Published in 1958, translation by Juliet Winters Carpenter
An elusive slip of a novel that takes the reader within the plotting that can lie behind ‘a good marriage’, mixed with superstition, possibly witchcraft and the cultural power which some people vested in the old style theatrical masks.
Yasuko is widowed at a young age when her husband is killed in a skiing accident. She responds by immediately moving in with his mother, Mieko. Two young men compete for Yasuko’s hand, despite their own friendship, but she seems bound to Mieko. The serene mother-in-law’s influence is exerted almost silently and is portrayed as something ethereal. The eerie atmosphere twists into something darker when it is revealed that the dead husband has a twin sister. She proved to have learning difficulties – in the language we use today, but was not the description back in 1950s Japan – difficulties that were blamed on violence in the womb, perpetrated by the brother. This child was sent away and raised by an ‘aunt’.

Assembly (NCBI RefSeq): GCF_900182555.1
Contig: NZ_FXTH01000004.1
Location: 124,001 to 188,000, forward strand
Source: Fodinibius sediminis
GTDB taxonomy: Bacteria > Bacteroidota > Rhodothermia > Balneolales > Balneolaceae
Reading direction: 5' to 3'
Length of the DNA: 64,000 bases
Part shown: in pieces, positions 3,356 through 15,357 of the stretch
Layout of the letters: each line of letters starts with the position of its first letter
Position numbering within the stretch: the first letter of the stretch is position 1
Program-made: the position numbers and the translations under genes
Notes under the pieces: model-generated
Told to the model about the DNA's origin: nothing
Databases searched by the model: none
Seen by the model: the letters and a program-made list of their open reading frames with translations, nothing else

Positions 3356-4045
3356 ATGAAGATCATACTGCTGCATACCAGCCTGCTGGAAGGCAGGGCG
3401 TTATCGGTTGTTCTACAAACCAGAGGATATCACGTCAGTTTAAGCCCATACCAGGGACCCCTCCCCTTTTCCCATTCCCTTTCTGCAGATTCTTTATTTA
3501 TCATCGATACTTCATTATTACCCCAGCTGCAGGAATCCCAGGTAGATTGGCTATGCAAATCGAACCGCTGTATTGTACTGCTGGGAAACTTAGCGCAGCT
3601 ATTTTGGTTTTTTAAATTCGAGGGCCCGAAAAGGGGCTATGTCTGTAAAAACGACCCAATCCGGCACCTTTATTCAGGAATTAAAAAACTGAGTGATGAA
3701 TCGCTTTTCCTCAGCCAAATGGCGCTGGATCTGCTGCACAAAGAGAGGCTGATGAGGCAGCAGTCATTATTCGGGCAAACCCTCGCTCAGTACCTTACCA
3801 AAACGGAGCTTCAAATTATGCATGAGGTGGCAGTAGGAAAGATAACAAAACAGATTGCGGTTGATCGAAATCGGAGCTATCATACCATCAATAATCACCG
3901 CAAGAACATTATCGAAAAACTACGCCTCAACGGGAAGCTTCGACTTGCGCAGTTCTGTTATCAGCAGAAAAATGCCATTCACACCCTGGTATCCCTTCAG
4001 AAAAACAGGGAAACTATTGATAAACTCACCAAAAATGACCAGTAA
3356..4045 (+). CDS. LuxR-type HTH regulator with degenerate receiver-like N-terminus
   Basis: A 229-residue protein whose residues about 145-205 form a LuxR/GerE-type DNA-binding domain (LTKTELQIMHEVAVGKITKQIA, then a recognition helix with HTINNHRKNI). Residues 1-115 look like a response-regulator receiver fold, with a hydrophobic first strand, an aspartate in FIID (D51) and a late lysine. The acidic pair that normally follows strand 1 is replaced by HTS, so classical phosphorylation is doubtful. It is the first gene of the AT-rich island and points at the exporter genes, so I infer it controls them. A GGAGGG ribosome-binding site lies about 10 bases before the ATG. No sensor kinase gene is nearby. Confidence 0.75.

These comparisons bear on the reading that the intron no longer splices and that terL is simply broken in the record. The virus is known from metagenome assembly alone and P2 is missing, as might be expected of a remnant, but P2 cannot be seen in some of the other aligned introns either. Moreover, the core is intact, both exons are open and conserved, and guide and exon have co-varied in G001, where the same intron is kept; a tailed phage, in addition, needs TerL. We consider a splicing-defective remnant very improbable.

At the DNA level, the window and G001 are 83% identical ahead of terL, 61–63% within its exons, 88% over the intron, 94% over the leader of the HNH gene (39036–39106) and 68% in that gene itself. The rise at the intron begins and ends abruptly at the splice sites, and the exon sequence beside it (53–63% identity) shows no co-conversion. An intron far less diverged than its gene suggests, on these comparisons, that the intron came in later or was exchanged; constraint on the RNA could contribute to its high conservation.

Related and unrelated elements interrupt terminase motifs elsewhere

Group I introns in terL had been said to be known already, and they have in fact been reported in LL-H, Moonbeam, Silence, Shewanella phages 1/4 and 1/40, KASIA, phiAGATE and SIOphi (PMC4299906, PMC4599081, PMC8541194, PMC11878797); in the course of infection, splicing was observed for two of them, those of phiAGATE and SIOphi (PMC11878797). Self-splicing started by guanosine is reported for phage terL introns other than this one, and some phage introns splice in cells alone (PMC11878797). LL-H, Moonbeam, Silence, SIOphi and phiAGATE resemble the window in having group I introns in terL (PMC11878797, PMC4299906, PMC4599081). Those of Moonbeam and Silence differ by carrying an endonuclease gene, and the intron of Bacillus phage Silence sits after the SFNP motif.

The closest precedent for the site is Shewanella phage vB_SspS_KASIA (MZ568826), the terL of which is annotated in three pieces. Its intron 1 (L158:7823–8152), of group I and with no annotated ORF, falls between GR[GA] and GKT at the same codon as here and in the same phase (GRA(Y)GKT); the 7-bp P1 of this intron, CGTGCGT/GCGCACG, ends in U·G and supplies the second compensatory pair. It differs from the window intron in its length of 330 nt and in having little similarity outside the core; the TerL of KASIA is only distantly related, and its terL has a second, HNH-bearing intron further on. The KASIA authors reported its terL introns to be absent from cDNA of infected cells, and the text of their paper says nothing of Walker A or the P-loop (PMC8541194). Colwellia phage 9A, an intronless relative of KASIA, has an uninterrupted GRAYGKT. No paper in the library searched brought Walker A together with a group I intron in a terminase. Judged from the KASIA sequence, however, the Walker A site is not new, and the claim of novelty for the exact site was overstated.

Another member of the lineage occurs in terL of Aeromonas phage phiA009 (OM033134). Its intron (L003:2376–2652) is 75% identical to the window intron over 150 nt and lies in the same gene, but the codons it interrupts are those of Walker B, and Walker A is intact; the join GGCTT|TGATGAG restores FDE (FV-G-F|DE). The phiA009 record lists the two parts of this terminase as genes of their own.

One of the suitors to Yasuko seduces her, but in the night they spend together, comes to believe that it is a different woman he is lying with. When Harume, the female twin, proves to be pregnant, despite her life of seclusion, it quickly becomes a tale of suspected witchcraft carried out by the mother-in-law and Yasuko.
The language is simple, the story slow moving, respectful of the time – as I imagine it – and the whole is unsettling. It is the sort of book that you put down and get on with everyday life only to find flashes of it moving around your consciousness at unexpected times.